Canada Employment Climbs in October on Full-Time Surge -- 2nd Update

By Paul Vieira Features Dow Jones Newswires

Canada added jobs in October at a stronger-than-expected pace amid a slowing economic backdrop, with full-time employment surging and wage gains accelerating for a second straight month.

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The unemployment rate rose from a postcrisis low, but that was due to more young people searching for work.

This new batch of Canadian jobs data might offer some comfort to the Bank of Canada, which contends that slack remains in the labor market due to tepid wage gains and other factors.

The Canadian economy added a net 35,300 jobs in October on a seasonally adjusted basis, Statistics Canada said Friday. The consensus call among traders was for a 15,000-job advance, according to economists at Royal Bank of Canada.

October's advance marked the 11th straight month of job gains, which is the longest streak in over a decade. All of the net new jobs added in October were in the private sector and of the full-time variety, which tend to offer higher pay and steady benefits compared with part-time work.

The jobless rate rose to 6.3% in October from 6.2% in the previous month. Markets had expected the unemployment rate to remain unchanged. The uptick in the unemployment rate was attributed to more people -- 56,800 -- joining the labor force to look for a job. The data agency said 18,000 more youths, aged 15 to 24, were employed in October, with all of the growth in full-time work.

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On a year-over-year basis, Canadian employment increased 308,100, or 1.7%, with all of the new jobs created over the past 12 months in full-time positions.

Full-time employment in October increased by a robust 88,700 positions, following a 112,000-gain in the previous month -- or the strongest two-month gain in this category in over four decades. Part-time employment fell 53,400 in October.

The Canadian employment report "points to continued gradual tightening in the labor market and supports our call for a more hawkish stance by the Bank of Canada and another [rate] hike in January," said strategists at TD Securities in a note to clients.

At the same time Friday, the U.S. released its October employment report, which indicated nonfarm payrolls rose by a seasonally adjusted 261,000. The U.S. unemployment rate, calculated by a survey of households, fell to 4.1%, its lowest level since December 2000. When using U.S. Labor Department methodology, Canada's jobless rate in October was 5.2%.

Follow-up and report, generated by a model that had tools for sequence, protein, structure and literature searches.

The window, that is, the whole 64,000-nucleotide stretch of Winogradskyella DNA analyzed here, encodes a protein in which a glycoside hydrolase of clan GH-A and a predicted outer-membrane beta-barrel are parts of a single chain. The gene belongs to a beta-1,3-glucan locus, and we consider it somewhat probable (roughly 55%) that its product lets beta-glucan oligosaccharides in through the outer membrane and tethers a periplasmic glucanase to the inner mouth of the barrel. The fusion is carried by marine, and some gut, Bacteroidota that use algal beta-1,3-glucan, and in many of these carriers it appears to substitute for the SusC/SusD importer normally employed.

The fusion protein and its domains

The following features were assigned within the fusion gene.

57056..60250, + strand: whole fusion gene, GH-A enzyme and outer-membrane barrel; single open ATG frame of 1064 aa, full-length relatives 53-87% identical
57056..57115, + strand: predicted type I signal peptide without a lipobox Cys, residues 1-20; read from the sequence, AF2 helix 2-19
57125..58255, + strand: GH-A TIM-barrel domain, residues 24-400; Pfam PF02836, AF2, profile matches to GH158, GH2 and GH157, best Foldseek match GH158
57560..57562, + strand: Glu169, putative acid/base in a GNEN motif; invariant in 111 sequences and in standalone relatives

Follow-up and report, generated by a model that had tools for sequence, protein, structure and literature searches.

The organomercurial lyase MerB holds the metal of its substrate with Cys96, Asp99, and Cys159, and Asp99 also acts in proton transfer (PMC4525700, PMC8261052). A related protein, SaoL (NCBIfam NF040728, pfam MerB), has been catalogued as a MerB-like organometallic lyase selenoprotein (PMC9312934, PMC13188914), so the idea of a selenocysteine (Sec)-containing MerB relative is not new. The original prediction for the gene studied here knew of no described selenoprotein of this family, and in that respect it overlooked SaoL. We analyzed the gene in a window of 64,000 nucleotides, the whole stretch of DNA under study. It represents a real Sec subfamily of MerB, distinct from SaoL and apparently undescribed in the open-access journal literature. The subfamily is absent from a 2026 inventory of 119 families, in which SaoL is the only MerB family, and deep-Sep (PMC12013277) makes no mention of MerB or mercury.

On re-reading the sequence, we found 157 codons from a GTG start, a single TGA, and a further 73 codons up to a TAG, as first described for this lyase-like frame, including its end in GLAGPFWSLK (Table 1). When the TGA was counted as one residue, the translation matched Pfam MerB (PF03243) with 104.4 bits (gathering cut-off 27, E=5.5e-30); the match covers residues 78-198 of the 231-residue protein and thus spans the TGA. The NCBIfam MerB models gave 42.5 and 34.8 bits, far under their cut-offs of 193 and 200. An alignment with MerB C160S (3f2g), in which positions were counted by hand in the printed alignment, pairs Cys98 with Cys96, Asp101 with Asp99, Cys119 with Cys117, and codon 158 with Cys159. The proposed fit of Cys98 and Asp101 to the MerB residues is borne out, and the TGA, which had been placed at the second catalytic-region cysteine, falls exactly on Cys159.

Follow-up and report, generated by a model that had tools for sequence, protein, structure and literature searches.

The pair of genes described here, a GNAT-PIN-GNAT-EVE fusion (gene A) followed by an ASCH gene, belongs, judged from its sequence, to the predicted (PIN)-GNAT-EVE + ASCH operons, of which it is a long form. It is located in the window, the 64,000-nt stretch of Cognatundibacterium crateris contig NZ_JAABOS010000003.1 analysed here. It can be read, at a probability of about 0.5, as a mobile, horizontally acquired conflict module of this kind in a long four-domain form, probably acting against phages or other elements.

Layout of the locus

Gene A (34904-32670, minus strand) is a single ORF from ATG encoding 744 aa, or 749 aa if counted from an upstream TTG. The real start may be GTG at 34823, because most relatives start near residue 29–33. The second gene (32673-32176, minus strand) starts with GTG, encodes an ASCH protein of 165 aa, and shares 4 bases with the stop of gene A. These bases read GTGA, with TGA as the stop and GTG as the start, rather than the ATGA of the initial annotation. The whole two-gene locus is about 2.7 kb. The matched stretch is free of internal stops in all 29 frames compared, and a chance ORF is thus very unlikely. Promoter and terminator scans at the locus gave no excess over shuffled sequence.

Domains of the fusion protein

The robust employment report comes as growth slows in Canada after a stellar 12-month run that positioned Canada as the top-performing economy among the Group of Seven. The country's gross domestic product unexpectedly shrank in August on a month-over-month basis, and the Bank of Canada expects annualized growth in the third quarter to come in below 2% after a 4.5% surge in the second quarter.

October's strong jobs data "suggest there is still some life left in the economic upswing," BMO Capital Markets chief economist Doug Porter said.

In its rate decision and quarterly forecast released last week, Canada's central bank said modest wage gains and a below-average level of hours worked suggest there is still "some excess capacity" in the labor market. It added a recent decline in the jobless rate to a postcrisis low "likely overstates the degree of improvement" in the jobs market.

On the wage front, average hourly pay rose 2.4% in October from a year ago, following a 2.2% advance in September. This marked the first time in a year and a half that average hourly wages rose 2% or more on an annual basis for two consecutive months.

Nearly all of the net new hiring was done at firms and organizations, as their payrolls rose 34,500, while the ranks of the self-employed -- who tend to be independent contractors that aren't necessarily paid on a regular schedule -- edged slightly upward.

Write to Paul Vieira at paul.vieira@wsj.com

(END) Dow Jones Newswires

November 03, 2017 10:10 ET (14:10 GMT)